And there it was. Right beneath the surface, the tug and a tear. After a full spring and summer of clearing out our home of 32 years, we were freshly planted in our new home. We feel we made a good decision to wrangle in our resources and take on this lovely home that was neglected over many years to create a warm, welcoming and inviting space for our lives. Boxes are still unpacked, decisions still need to be made about our renovations and we have more than enough landscaping to keep us busy for several years!
I thought I had it made it through this major transition, my relocation bump, but I was all wrong. While sitting in a waiting room full of kids and parents with one of my grandsons, another woman and I struck up a conversation. After a moment I asked her where she was from and she replied “Southborough”. It was visceral. My reaction to hearing the name of my old town tugged at my heart as I felt a tear rise to my eyes. I couldn’t believe how close to the surface yet so deceptively hidden my grief was.
This is the nature of transition. We can intellectually speak about it, prepare for it, even look forward to it on some level, but sometimes when you least expect it, the experience of loss snaps you to attention. The journey towards rebuilding after any loss takes time, intentional activity, and remembering what you are moving towards as you reflect on what you let go of. I decided that I needed to look at ways to make my fixer upper house feel more like home to me so I wrote down what I thought would be helpful. I looked at what made me feel “at home.”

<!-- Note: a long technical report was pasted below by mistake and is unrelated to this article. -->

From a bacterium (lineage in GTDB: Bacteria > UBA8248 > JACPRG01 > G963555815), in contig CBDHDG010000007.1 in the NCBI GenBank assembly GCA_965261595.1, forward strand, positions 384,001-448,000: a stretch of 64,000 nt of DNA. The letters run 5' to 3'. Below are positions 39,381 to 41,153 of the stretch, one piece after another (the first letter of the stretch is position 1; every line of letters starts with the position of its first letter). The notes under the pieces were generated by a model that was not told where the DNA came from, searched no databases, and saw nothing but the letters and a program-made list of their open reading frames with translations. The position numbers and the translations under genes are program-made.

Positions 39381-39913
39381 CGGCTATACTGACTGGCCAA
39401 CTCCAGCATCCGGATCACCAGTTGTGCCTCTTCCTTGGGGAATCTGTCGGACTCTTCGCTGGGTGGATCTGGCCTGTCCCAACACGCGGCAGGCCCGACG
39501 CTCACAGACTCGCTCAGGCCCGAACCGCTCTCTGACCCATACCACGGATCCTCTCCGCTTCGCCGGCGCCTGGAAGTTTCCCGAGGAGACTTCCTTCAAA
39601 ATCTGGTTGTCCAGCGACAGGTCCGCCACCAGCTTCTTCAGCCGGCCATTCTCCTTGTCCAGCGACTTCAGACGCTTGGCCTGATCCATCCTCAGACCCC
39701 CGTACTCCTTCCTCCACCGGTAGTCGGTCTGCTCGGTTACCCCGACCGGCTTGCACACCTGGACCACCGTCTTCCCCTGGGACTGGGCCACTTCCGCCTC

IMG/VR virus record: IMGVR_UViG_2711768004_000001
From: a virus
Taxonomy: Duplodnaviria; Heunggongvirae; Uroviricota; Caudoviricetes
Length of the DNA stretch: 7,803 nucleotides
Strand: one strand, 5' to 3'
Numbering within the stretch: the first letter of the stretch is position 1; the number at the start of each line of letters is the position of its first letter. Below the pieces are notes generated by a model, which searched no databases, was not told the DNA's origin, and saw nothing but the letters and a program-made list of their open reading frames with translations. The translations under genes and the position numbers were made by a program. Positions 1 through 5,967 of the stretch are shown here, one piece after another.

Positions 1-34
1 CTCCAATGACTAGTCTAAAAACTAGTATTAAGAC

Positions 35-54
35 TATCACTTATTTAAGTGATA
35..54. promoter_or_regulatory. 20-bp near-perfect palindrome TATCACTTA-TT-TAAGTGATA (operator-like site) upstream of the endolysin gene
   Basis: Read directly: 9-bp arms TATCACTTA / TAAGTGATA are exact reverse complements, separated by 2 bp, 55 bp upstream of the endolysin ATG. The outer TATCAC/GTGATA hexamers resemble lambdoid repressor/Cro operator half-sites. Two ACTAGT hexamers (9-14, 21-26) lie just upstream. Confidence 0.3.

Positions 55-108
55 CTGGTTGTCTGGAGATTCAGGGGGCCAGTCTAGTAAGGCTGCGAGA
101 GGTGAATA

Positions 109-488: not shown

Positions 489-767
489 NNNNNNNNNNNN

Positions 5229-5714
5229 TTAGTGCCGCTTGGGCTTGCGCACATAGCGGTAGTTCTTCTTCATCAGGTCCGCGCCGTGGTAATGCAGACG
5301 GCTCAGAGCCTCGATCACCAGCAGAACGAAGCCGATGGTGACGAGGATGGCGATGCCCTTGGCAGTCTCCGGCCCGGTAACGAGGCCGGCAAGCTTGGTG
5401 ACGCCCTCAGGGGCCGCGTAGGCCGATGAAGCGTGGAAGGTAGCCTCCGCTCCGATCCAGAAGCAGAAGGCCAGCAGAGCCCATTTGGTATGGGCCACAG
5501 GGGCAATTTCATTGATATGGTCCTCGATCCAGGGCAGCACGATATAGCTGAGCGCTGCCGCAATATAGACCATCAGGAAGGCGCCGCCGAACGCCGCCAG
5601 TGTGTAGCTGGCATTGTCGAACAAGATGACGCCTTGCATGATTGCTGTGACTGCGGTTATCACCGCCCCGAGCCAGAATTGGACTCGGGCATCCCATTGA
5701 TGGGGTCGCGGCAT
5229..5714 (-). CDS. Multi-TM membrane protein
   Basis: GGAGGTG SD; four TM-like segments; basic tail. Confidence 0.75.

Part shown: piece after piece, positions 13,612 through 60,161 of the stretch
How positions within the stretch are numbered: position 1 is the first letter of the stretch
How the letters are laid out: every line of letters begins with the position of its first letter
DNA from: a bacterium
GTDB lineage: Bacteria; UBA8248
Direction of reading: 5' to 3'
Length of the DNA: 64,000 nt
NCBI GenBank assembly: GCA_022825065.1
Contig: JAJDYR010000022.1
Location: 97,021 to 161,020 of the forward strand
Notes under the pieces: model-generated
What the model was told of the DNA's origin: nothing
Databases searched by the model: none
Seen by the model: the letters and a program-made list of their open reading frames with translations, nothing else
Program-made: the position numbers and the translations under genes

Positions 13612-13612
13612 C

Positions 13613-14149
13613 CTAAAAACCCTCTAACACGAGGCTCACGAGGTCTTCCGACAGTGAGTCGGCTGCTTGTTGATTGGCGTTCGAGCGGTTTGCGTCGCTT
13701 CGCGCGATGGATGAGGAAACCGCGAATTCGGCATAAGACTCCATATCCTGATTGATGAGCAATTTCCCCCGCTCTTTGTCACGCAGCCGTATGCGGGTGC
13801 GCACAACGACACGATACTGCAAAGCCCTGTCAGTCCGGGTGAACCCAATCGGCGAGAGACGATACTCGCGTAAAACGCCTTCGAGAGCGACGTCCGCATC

My family. For me, it was having my family spend time here creating new memories with me and my husband. So we’ve had some very disorganized meals and chaotic sleepovers with our grandkids. So helpful! Really, that’s not a joke.
Planting and playing in my gardens. I began working outside in my new gardens, planting, weeding and lots of pruning with my clippers. (My back went into spasm after that day of work!) Walking. My husband and I are also taking our daily walk which definitely grounds me to the feel of new territory and we are meeting some people that live near us as well on our walks.
Friendships. Lastly, I am slowly inviting friends over to see our home. This is probably my biggest struggle, but I am doing my best to keep at it. As a life coach, transitions are what I am about. Transitions that make your life simpler, more rich, fascinating or enjoyable. Transitions that create positive relationships with yourself, others, your career and overall well-being.
And just like the people I serve, I look for ways every day to make it through to the other side with grace, laughter, courage and a huge dose of gratitude for all that I do have in my life. But I appreciate that every once in a while I may still feel the tug and a tear.
Part II of this blog will follow in next newsletter.